Is breast milk vegan?

If you’re a vegan parent, you may find your choice to breastfeed gets questioned by non-vegans. Some people will try to argue that, because breast milk is technically a dairy product, it’s not a vegan food. If you yourself follow a vegan lifestyle, you’ll probably roll your eyes at this.

Veganism isn’t about technical definitions, but about health, environmental concerns, and animal welfare. Breast milk is perfectly compatible with your vegan lifestyle and is the best food for your baby. You can safely breast-feed your infant without worrying that you’re compromising your values.

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Is breast milk vegan? Yes, it is. While human breast milk is certainly milk, it’s entirely compatible with vegan values. No animals are harmed or exploited in its production and there is no environmental impact to worry about. It’s also safe and healthy, making it acceptable from the dietary vegan viewpoint.

You’ve arrived on this page because you are planning to breast or chest-feed, or someone close to you is. You have concerns about the compatibility of breast-feeding with your vegan lifestyle. Is breast milk vegan? Can a vegan ethically breast feed their baby? Is donor milk vegan? Will my baby still be vegan if I breast-feed? Is breast milk really as safe and healthy as everyone says? What should I do if my baby is lactose intolerant? Are there safe breast milk alternatives for vegans? Keep reading, because we’ve got the answers that you’re looking for. Whatever your reason for being vegan, you’ll find the information you need.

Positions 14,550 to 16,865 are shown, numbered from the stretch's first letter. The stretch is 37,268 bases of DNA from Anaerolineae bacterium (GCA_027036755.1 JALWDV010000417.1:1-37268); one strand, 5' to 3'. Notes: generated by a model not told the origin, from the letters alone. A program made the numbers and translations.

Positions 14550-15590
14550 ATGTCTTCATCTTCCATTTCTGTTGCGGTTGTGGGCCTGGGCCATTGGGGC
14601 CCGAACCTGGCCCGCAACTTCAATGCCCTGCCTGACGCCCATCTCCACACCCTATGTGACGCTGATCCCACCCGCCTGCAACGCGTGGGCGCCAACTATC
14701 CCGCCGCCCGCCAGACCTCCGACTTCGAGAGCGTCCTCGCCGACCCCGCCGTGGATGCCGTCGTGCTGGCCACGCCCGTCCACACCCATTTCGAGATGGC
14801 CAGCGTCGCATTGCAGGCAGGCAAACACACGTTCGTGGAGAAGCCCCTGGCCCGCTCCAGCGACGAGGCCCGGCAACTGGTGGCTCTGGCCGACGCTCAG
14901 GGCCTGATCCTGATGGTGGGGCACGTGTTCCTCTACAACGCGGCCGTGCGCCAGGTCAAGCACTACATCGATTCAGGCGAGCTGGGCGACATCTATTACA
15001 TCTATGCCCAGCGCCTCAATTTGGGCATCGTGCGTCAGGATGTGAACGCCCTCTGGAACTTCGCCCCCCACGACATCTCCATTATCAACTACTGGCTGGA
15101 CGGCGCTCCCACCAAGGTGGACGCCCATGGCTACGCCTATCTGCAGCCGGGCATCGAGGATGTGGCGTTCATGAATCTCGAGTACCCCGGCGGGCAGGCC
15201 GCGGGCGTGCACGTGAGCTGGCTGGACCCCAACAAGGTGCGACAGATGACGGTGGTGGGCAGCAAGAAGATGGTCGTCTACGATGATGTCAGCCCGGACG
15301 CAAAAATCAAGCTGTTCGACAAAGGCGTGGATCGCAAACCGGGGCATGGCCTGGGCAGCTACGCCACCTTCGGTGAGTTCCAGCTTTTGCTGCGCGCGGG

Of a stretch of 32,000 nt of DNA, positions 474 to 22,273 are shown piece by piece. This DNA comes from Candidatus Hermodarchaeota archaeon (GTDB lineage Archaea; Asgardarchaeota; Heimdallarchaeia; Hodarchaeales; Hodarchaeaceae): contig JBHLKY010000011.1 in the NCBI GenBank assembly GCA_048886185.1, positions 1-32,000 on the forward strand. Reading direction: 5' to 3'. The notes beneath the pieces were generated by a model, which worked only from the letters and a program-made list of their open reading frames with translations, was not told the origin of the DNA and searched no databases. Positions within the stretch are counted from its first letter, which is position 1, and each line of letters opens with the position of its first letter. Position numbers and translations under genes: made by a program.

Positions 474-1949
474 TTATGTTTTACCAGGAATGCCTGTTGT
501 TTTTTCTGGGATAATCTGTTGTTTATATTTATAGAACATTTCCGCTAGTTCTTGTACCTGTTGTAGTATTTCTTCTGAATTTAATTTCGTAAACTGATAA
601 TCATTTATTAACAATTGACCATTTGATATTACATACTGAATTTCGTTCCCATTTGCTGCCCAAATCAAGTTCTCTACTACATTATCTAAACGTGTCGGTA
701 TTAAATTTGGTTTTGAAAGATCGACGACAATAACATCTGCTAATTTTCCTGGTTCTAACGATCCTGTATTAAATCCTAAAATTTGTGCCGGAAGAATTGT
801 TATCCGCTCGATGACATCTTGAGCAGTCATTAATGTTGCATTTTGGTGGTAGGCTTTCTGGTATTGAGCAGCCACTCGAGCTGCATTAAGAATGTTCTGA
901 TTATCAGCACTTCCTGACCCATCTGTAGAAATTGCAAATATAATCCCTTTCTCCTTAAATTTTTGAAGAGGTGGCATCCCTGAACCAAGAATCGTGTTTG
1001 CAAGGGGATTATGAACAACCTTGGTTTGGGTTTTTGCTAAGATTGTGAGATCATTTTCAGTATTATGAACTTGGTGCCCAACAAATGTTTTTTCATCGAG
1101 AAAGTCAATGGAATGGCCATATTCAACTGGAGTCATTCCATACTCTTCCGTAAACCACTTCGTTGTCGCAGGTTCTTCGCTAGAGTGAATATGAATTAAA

Is breast milk vegan?

Yes. By any reasonable definition of vegan, breast milk is fine. While some people might argue that vegans shouldn’t breast feed, you almost never hear this from actual vegans. Non-vegans sometimes like to play “gotcha” games, identifying elements in a vegan’s diet or lifestyle that they can single out as incompatible. You can safely ignore this. There are many different reasons for adopting a vegan lifestyle, and breast-feeding is okay with all of them.

For dietary vegans, the lifestyle is all about health and well-being. You know that meat, eggs, dairy products and other animal-derived foods just aren’t as good for us as plant-based alternatives. You’ve chosen to excise them from your diet and substitute healthy plant-based foods instead. You want your baby to enjoy the same healthy lifestyle. Nothing could be safer or more natural than breast milk — it’s the best thing for your baby. You can nurse your little one, safe in the knowledge that you’re giving them the best possible start in life.

Maybe you were motivated to become a vegan because you’re concerned for the environment. You know that the production of eggs, milk and especially meat has deleterious effects on the environment, consuming excessive resources and relying on environmentally unsafe substances and practices. If this is your motivation, then breast-feeding is the best possible option. It doesn’t require any food production at all, since you’re making the food yourself. It could not be more environmentally sustainable.